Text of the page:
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Blazons & Genealogy Notes

First notation: 1357 rok. W polu złotym orzeł czarny, z wzniesionymi skrzydłami, patrzący w lewo, stojący lewą nogą na pagórku zielonym, prawa uniesiona. Klejnot: Trzy pióra strusie, czarne.

Origin, Meaning, Family History and Aderkas Coat of Arms and Family Crest

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Aderkas Coat of Arms Meaning

The main device (symbol) in the Aderkas blazon is the eagle. The three main tinctures (colors) are sable, vert and or .

Sable, the deep black so often found in Heraldry is believed to named from an animal of the marten family know in the middle ages as a Sabellinœ and noted for its very black fur 1. In engravings, when colors cannot be shown it is represented as closely spaced horizontal and vertical lines, and appropriately is thus the darkest form of hatching, as this method is known 2. Although it may seem a sombre tone, and does indeed sometimes denote grief, it is more commonly said to represent Constancy 3.

The deep green colour that is so often observed in heraldry is more properly known as vert. According to Wade, the use of this colour signifies “Hope and Joy”, but may also represent, rather delightfully, “Loyalty in Love” 4. It has other names also, the French call it sinople, perhaps after a town in Asia Minor from where the best green die materials could be found 5. More fanciful heralds liked to associate it with the planet venus and the precious stone emerald 6. More strangely, there is some evidence that the term prasin was anciently used, being the Greek for the vegetable we call the Leek!

Or is the heraldic metal Gold, often shown as a bold, bright yellow colour. It is said to show “Generosity and elevation of the mind” 7. Later heralds, of a more poetic nature liked to refer to it as Topaz, after the gemstone, and, for obvious reasons associated it with the Sun 8. In drawings without colour it is usually represented by many small dots, or by the letter ‘O’ 9.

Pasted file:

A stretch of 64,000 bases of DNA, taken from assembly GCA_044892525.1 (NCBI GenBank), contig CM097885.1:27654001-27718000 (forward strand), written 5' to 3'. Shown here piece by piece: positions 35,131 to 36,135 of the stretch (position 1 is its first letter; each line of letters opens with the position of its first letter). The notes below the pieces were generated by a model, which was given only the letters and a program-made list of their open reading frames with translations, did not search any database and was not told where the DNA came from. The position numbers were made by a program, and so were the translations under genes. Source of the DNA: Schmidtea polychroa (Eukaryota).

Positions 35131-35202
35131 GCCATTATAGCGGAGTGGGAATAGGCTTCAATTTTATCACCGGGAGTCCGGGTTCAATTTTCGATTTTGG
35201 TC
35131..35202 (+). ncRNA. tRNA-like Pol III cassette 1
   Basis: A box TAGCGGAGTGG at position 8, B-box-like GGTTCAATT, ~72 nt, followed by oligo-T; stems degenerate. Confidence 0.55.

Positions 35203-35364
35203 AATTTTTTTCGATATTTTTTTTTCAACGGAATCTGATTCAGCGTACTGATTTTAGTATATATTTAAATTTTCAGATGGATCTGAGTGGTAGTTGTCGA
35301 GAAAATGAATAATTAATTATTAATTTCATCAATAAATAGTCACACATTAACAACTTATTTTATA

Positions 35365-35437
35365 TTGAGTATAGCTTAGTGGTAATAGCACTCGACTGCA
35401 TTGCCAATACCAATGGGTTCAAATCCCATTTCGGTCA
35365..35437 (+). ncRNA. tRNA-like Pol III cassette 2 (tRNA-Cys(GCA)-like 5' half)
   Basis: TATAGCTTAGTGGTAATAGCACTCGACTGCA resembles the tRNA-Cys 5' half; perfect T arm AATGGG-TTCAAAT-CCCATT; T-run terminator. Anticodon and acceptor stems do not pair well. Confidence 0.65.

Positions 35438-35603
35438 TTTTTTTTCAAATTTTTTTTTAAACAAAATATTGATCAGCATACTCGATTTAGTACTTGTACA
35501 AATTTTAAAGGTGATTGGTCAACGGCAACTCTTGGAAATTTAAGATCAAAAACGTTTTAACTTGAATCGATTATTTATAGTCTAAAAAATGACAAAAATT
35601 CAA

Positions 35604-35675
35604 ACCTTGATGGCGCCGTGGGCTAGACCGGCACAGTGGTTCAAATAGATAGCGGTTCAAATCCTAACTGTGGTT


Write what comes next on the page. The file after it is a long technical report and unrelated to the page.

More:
Where the lion is undisputed king of the animals, the eagle undoubtedly plays the same role in the realm of the birds, its use in this form dating back to at least the Roman period 10. They tend to be illustrated in quite some detail, especially in continental European arms, and have almost as wide variety of postures and accessories as the lion, well illustrated in the reference 11 as well as being just the eagle’s head or eagle’s leg. The symbology of the eagle is deep and complex, Wade devotes several pages to the subject 12, but suffice it say that it has long been associated with Empire and those held in high honour – any armiger would be pleased to have any form of Eagle upon their arms!

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References

  • 1 A Glossary of Terms used in British Heraldry, J.H. Parker, Oxford, 1894, Entry:Sable
  • 2 Boutell’s Heraldry, J.P. Brooke-Little, Warne, (revised Edition) London 1970, P 26
  • 3 The Symbolisms of Heraldry, W. Cecil Wade, George Redway, London, 1898 P35
  • 4 The Symbolisms of Heraldry, W. Cecil Wade, George Redway, London, 1898 P36
  • 5 A Glossary of Terms used in British Heraldry, J.H. Parker, Oxford, 1894, Entry:Vert
  • 6 Boutell’s Heraldry, J.P. Brooke-Little, Warne, (revised Edition) London 1970, P 27
  • 7 The Symbolisms of Heraldry, W. Cecil Wade, George Redway, London, 1898 P35
  • 8 Understanding Signs & Symbols – Heraldry, S. Oliver & G. Croton, Quantum, London, 2013, P53
  • 9 A Complete Guide to Heraldry, A.C. Fox-Davies, Bonanza (re-print of 1909 Edition), New York, 1978, P76-77
  • 10 A Glossary of Terms used in British Heraldry, J.H. Parker, Oxford, 1894, Entry:Eagle
  • 11 A Complete Guide to Heraldry, A.C. Fox-Davies, Bonanza (re-print of 1909 Edition), New York, 1978, P235-238
  • 12 The Symbolisms of Heraldry, W. Cecil Wade, George Redway, London, 1898 P72-74
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